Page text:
Case Law 50550/06 (10/06/2008)
Authority: European Authorities: European Court of human rights
Subject: The Court held unanimously that there had been a violation of Article 3 (prohibition of inhuman or degrading treatment) of the European Convention on Human Rights because the applicant’s conditions of detention were not appropriate to his state of health.
Relying on Article 3 (prohibition of inhuman or degrading treatment), the applicant alleged that keeping him in prison constituted inhuman treatment.
The Court observed that the applicant, who has been unable to walk since 1987 and fractured his thigh bone in April 2006, was confined to a wheelchair. He had no personal autonomy whatsoever and stated that he was obliged to spend every day in bed, which has not been disputed by the Government. He was now 67 years old, suffered from heart disease and a failing metabolism, diabetes, deteriorating muscles, hypertrophy in the prostate gland and depression. The expert instructed by the applicant concluded that his state of health was incompatible with detention in prison, given that he required round-the-clock care. That opinion appears to have been confirmed by the medical report of 6 June 2006 recommending that the applicant be moved to a suitably equipped treatment centre.
In the light of those expert opinions, on 16 June 2006 the Rome court responsible for the execution of sentences granted the applicant detention at home, stating that the care he required was unavailable in prison and that continuing to deprive him of his freedom in a prison establishment would have amounted to inhuman treatment. The Court does not see any reason to reconsider that conclusion.
The Court also noted that the decision to allow the applicant to serve his sentence outside the prison had been set aside on 8 September 2006 on the ground that the applicant did not have a home with facilities adapted to his condition. Consequently, the applicant was kept in a prison.
The Court did not overlook the efforts made by the Italian authorities, which had placed the applicant in a prison that was equipped with a clinical centre and was architecturally better suited to the applicant’s condition (Parma Prison). Furthermore, in both prisons the applicant had undergone numerous medical tests designed to treat his failing metabolism and had had physiotherapy sessions. However, the absence of an intention on the part of the national authorities to humiliate or debase the person concerned did not definitively rule out a finding of a violation of Article 3.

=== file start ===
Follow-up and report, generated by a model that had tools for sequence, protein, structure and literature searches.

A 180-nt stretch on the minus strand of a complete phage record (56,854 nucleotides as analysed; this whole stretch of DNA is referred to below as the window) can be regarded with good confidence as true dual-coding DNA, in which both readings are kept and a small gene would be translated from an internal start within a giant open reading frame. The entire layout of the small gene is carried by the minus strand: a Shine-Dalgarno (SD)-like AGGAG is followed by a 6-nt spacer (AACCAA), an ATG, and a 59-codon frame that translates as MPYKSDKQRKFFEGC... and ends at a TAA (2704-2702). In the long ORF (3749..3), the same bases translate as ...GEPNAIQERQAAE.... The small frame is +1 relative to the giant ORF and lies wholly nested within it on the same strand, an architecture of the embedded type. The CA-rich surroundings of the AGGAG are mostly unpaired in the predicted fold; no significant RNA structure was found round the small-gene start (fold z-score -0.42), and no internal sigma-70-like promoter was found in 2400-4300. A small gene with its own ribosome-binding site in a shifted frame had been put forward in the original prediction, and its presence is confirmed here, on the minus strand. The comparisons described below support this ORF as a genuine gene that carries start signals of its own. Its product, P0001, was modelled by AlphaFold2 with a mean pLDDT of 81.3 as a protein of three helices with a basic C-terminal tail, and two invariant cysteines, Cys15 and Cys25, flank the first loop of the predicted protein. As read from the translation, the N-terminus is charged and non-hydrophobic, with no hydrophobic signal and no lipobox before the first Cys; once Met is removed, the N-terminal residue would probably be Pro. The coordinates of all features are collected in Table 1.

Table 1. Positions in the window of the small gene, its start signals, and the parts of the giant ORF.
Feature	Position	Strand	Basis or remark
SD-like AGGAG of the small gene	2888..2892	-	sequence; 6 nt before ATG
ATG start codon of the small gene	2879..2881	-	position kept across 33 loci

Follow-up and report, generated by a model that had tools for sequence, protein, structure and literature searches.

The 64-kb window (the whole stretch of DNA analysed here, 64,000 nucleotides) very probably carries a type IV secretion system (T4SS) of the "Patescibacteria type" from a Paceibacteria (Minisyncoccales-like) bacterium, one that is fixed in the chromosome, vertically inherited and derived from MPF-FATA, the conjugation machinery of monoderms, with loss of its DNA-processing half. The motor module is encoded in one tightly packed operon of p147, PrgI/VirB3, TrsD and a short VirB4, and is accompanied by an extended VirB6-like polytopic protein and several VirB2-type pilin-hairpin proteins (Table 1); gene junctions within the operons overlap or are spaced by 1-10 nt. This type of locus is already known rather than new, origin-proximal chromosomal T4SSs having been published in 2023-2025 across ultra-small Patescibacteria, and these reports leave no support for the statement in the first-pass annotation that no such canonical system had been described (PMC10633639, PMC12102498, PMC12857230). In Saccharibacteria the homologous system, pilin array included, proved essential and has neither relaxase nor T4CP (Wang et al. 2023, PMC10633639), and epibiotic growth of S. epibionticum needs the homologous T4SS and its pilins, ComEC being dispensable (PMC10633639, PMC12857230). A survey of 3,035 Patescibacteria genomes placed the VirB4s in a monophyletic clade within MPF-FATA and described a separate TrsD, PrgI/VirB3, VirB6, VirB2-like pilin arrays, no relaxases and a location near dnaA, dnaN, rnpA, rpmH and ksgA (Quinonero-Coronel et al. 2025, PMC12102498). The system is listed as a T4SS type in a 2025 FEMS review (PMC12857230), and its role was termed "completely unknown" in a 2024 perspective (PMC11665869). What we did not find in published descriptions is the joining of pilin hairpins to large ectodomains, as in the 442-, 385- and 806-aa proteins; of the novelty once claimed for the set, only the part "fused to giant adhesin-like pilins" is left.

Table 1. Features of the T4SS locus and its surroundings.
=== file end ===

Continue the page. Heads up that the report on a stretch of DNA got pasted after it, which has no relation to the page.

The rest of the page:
In the applicant’s case the requirement, underscored by the Rome court responsible for the execution of sentences, that the applicant not be detained in a prison had remained a dead letter for reasons that could not be attributed to the applicant. In the Court’s view, in circumstances such as these the State should have either transferred the applicant to a better-equipped prison in order to avoid any risk of inhuman treatment or deferred execution of a sentence that had become tantamount to treatment contrary to Article 3 of the Convention. In its decision setting aside the measure ordering detention at home however, the Rome court responsible for the execution of sentences had failed to take that possibility into account.
Accordingly, the applicant had continued to be detained in Regina Coeli Prison, which the court responsible for the execution of sentences had deemed inappropriate to his state of health. It was not until 23 September 2007 that he had been transferred to Parma Prison, which was equipped with facilities that, according to the Ministry of Justice, could cater for his reduced mobility. The Court considered that it did not have sufficient information to enable it to give an opinion on the quality of those facilities or, more generally, the conditions of the applicant’s detention in Parma. It confined itself to observing that keeping the applicant in Regina Coeli Prison in the circumstances referred to above must inevitably have placed him in a situation that aroused sufficiently strong feelings of anxiety, inferiority and humiliation to amount to “inhuman or degrading treatment”. Accordingly, there had been a violation of Article 3.
Parties: Scoppola c/ Italia
Classification: Dignity - Art. 4 Inhuman punishments - Degrading punishments - Inhuman treatments - Degrading treatments